Glucose vs. Fructose: What’s The Difference?
Glucose and fructose are both sugars, but what make them different? Dietitian Jamie Feit explains.
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When sugar comes to mind, you probably think of table sugar, or sucrose. But this simple carbohydrate is made up of even smaller sugar molecules called glucose and fructose in an exact 50/50 split.
“Glucose and fructose are both monosaccharides – sugar molecules in the simplest form,” says Jamie Feit, RD, MS. “The body’s preferred source of fuel is glucose. Glucose is sourced by breaking down disaccharides or polysaccharides, which are larger sugar molecules. Meanwhile, fructose is found in its simplest form in fruits and some vegetables like beets, corn and potatoes.”
Like all sugars, both glucose and fructose are carbohydrates. But not all carbs are created equal! When we eat sucrose, the glucose and fructose molecules become split inside the body. The main difference between glucose and fructose – for our purposes, anyways – is how they are processed within your body.
Common sources: rice, oats, bread, pasta & starchy vegetables.
You may notice that all these foods are pretty filling. This is because glucose, after being absorbed by the small intestine, raises blood sugar levels. This stimulates the production of insulin, which in turn induces the creation and secretion of leptin. Leptin is known as the “fullness hormone,” and it does exactly what it sounds like it does: makes you feel full.
When we talk about blood sugar, we’re actually referring to blood glucose. This is the amount of glucose in your bloodstream. The glucose travels through the bloodstream, providing energy to all the tissues in your body that need it. That’s why, of the three macronutrients (carbohydrates, fats and proteins), we refer to carbs as our main source of energy.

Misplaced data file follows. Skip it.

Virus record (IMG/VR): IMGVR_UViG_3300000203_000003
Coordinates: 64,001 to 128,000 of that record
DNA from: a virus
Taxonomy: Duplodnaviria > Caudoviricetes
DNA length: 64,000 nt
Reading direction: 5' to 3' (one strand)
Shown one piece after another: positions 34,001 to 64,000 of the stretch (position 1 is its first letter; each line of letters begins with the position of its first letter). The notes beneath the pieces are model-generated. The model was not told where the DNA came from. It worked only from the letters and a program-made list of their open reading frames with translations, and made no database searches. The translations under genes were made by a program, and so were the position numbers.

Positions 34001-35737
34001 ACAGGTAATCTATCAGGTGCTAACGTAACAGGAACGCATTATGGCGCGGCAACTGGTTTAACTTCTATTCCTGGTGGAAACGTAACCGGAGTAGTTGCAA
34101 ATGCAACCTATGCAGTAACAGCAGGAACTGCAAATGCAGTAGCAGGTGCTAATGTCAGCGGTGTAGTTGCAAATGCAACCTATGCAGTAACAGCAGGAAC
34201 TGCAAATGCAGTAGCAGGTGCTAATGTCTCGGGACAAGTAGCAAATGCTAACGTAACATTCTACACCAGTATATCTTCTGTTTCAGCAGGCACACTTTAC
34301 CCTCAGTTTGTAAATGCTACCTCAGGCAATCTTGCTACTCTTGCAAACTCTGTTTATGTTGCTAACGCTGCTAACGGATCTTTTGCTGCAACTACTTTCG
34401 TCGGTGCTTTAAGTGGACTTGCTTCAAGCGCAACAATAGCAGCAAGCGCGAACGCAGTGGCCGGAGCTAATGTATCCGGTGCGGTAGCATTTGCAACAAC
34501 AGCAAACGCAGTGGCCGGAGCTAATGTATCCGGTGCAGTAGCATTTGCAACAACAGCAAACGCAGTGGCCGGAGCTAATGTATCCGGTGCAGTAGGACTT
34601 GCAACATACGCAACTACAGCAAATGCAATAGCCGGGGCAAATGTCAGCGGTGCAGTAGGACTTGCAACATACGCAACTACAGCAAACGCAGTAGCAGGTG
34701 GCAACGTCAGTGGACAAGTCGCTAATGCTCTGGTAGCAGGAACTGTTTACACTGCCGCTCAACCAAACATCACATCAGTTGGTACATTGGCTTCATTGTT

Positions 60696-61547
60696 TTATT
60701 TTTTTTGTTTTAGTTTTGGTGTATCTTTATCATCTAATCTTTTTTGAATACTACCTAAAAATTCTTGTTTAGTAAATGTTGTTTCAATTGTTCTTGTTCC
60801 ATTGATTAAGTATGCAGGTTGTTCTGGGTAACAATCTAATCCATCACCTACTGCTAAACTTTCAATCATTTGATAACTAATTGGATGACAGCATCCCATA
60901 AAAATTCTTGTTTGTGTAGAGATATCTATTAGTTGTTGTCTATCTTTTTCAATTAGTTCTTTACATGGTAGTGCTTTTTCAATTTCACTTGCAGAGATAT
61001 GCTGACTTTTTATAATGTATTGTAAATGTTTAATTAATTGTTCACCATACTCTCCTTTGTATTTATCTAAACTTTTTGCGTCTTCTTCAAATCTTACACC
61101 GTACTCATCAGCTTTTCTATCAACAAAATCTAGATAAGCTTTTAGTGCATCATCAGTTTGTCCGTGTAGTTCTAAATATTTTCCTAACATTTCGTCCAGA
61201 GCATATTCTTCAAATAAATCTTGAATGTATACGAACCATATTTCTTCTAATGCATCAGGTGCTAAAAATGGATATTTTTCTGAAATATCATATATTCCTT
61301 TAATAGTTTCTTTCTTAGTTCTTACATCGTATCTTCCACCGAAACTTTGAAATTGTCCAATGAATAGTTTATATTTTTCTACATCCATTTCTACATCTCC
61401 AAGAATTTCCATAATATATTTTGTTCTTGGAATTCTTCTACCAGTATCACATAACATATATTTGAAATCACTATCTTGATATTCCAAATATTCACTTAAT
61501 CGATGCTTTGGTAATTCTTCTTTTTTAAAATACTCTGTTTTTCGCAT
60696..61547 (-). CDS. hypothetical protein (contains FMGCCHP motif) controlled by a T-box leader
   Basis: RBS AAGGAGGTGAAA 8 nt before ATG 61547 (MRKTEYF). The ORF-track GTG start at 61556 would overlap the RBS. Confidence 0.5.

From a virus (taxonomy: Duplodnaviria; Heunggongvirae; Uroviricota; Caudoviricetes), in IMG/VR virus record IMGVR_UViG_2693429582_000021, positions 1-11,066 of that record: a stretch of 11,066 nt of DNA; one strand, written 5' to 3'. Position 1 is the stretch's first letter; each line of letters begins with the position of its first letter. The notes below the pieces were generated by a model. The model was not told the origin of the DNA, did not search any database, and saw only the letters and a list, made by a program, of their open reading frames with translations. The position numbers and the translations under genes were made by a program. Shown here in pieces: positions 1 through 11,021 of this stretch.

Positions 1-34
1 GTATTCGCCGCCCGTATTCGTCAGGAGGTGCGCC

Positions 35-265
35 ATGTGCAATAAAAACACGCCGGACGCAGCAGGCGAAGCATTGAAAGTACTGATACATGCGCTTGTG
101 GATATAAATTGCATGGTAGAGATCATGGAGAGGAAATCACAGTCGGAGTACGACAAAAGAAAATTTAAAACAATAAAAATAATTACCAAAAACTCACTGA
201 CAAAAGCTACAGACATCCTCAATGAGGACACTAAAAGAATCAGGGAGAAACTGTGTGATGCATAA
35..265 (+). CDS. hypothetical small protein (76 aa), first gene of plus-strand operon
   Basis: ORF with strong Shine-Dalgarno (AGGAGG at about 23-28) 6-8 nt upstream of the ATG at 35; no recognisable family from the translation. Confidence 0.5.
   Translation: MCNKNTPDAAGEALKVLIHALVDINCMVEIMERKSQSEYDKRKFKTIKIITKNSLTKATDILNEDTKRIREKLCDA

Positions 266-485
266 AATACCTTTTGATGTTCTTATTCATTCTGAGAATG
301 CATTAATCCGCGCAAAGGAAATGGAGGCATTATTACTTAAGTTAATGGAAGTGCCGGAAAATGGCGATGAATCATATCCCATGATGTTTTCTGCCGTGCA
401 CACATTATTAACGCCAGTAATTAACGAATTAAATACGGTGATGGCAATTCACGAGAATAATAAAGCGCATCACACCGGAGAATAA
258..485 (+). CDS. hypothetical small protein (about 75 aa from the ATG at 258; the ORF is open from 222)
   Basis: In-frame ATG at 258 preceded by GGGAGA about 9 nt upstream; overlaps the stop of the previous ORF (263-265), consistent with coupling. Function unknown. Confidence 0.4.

Common sources: fruits, honey, soft drinks, and vegetables (in small amounts).
Fructose changes blood sugar levels much more gradually than glucose and doesn’t seem to impact insulin levels. Unlike glucose, which is processed throughout the whole body, fructose is almost entirely metabolized by the liver. Over time, overconsumption can cause fatty liver and visceral fat around essential organs. The fructose-rich Standard American Diet shows a high prevalence of nonalcoholic fatty liver disease. This condition can trigger insulin resistance and type 2 diabetes.
Also, while glucose stimulates the fullness hormone, there’s some evidence that fructose may do the opposite. For this reason, some experts view diets high in fructose as contributing to patterns of overeating. Simply put, if you don’t feel full, you’ll just keep on eating.
So, does this mean we should stop eating fruit because they’re high in fructose? The answer is (mostly) no. Like most things in nutrition, there are more factors to consider than just one unit of measurement, i.e. fructose content. Fruits contain a plethora of other healthy components. They’re loaded with water and fiber, meaning their fructose is released slowly. In stark contrast, foods like candy and soda immediately overload the liver with fructose.
Plus, fruits are nutritionally dense, containing numerous vitamins, minerals, antioxidants and polyphenols. Studies show that diets rich in fruits and vegetables are associated with lower rates of heart disease, diabetes and strokes. They’re even linked to improved psychological health!
While fructose from fruits may be okay for most, people with diabetes should be warier. Consult your doctor on the appropriate amount of fructose that’s safe for your personal consumption.
Fruits, veggies and grains all contain sugar. But all are high in fiber, blunting the speed at which the sugar is absorbed. Plus, a wide variety of fresh produce increases the spectrum of important vitamins and minerals ingested and utilized by your body.
However, like we’ve said, sugar is sugar. Whether you’re getting it from cupcakes or carrots, you should consult your physician to determine your personalized safe consumption limit. According to RD Feit, eating too much sugar causes inflammation and gut problems. To help prevent this, sugar-sensitive people often follow a low-FODMAP diet, which largely avoids fructose.
“The takeaway here is to eat foods in their least processed form,” says Feit. “Like a piece of fruit containing all the fiber from the plant or brown rice instead of refined grains. This will allow the body to get the sugars it needs for energy while also providing fiber – an important tool in healthy eating.”
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